Nutrients such as vitamin C, vitamin E, and zinc have antioxidant effects and may be able to avert cardiovascular disease and cancer. This makes sense in the abstract, but trials in which people have taken these nutrients for a long time have not found that they help. Researchers in France reported recently on another trial of antioxidants.
What the researchers wanted to know: Does an antioxidant supplement decrease the risk of cancer and cardiovascular disease in middle-aged people?
What they did: Researchers recruited, through the French media, women ages 35 to 60 and men ages 45 to 60; after weeding out more than 67,000 people who were ineligible for one reason or another (like having extreme diet beliefs or being unwilling to take the risk of getting the placebo), 12,741 people were randomly and secretly assigned to take either a placebo or the antioxidant supplement. The supplement had a little bit of everything120 milligrams of vitamin C, 30 milligrams of vitamin E, six milligrams of beta carotene, 100 micrograms of selenium, and 20 milligrams of zinc. The people came in every few years for blood tests and physical examinations. The researchers kept up with their health and any adverse events, especially ischemic cardiovascular events and cancer.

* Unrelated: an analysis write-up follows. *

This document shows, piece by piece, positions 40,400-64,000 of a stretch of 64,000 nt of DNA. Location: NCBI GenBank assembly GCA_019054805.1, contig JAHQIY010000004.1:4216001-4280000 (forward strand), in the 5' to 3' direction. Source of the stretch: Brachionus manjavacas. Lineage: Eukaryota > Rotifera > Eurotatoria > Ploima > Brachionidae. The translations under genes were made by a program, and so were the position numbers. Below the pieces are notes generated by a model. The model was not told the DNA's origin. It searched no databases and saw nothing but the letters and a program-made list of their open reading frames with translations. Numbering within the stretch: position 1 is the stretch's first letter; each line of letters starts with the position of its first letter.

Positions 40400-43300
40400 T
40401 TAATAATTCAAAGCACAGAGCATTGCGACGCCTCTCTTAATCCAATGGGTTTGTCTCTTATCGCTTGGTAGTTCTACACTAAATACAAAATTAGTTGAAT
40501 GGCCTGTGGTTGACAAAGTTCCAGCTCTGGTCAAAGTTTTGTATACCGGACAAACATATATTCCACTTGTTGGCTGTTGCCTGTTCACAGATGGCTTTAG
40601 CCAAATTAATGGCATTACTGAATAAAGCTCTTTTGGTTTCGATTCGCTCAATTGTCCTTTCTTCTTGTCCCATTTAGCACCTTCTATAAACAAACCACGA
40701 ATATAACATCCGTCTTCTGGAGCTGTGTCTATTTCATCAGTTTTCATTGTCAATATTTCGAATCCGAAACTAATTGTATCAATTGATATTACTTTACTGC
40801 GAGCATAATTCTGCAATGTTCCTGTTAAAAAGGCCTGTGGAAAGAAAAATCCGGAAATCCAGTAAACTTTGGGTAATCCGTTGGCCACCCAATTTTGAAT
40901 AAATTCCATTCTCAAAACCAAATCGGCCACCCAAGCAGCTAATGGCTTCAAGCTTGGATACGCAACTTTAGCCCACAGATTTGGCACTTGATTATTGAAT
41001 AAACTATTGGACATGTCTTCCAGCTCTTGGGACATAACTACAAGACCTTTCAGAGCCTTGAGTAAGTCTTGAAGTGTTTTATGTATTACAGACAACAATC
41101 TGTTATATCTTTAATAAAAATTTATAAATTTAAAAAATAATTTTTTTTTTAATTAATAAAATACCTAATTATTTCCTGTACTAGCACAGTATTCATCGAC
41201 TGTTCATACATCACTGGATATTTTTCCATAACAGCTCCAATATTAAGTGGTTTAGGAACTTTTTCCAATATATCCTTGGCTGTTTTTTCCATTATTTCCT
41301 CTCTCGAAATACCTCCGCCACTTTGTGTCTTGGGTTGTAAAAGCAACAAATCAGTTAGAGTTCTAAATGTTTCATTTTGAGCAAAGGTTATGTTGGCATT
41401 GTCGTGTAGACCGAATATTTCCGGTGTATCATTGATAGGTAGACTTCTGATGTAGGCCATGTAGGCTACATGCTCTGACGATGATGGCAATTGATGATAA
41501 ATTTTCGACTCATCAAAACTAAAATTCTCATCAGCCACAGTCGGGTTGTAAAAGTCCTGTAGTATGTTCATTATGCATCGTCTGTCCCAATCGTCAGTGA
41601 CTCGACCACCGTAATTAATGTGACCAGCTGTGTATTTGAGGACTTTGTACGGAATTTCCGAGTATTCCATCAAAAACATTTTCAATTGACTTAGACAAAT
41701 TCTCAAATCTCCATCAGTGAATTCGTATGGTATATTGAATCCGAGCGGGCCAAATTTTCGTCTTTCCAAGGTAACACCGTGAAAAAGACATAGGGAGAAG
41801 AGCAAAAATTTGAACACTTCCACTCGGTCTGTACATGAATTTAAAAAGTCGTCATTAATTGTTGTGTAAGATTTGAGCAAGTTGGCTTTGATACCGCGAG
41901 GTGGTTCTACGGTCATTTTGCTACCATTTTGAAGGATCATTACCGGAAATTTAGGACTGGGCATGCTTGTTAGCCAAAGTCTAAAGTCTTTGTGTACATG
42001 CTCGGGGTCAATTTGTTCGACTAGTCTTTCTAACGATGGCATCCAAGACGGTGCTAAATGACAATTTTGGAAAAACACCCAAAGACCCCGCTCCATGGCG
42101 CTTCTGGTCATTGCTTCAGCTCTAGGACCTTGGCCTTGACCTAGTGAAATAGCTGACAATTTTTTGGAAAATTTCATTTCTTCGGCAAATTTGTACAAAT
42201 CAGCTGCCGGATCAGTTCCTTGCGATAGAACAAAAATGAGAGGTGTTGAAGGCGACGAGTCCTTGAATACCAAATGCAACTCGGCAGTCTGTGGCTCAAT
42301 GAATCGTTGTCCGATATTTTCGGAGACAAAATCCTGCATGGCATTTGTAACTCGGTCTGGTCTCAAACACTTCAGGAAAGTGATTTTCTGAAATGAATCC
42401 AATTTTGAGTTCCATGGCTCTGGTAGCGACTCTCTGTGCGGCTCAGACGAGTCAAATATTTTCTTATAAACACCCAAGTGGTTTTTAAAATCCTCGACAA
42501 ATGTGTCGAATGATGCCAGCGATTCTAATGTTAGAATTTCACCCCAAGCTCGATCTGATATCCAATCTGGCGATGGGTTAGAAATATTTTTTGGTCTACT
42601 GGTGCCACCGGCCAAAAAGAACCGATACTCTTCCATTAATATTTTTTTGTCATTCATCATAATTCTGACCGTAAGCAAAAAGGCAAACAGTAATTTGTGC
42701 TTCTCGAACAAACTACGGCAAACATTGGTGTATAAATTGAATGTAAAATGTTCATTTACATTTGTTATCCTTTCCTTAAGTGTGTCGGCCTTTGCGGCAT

What they found: After 7.5 years, there was no difference between the antioxidant supplement and the placebo for cancer risk or risk of ischemic cardiovascular disease. But when the researchers broke the data down into men and women, they did see fewer cancers among men taking the antioxidant, so it's possible that it had some preventive effect in men.
What the study means to you: This particular antioxidant supplement might help prevent cancer in men.
Caveats: There have been several trials on antioxidant supplements, and many have found no protective effect. Also, the researchers lost a lot of patients over 7.5 years, and they don't know what happened to themthey could have died of cancer or just gotten tired of taking a mystery pill.
Read the article: Hercberg, S., et al. "The SU.VI.MAX Study: A Randomized, Placebo-Controlled Trial of the Health Effects of Antioxidant Vitamins and Minerals." Archives of Internal Medicine. Nov. 22, 2004, Vol. 164, pp. 2335-2342.
Abstract online: http://archinte.ama-assn.org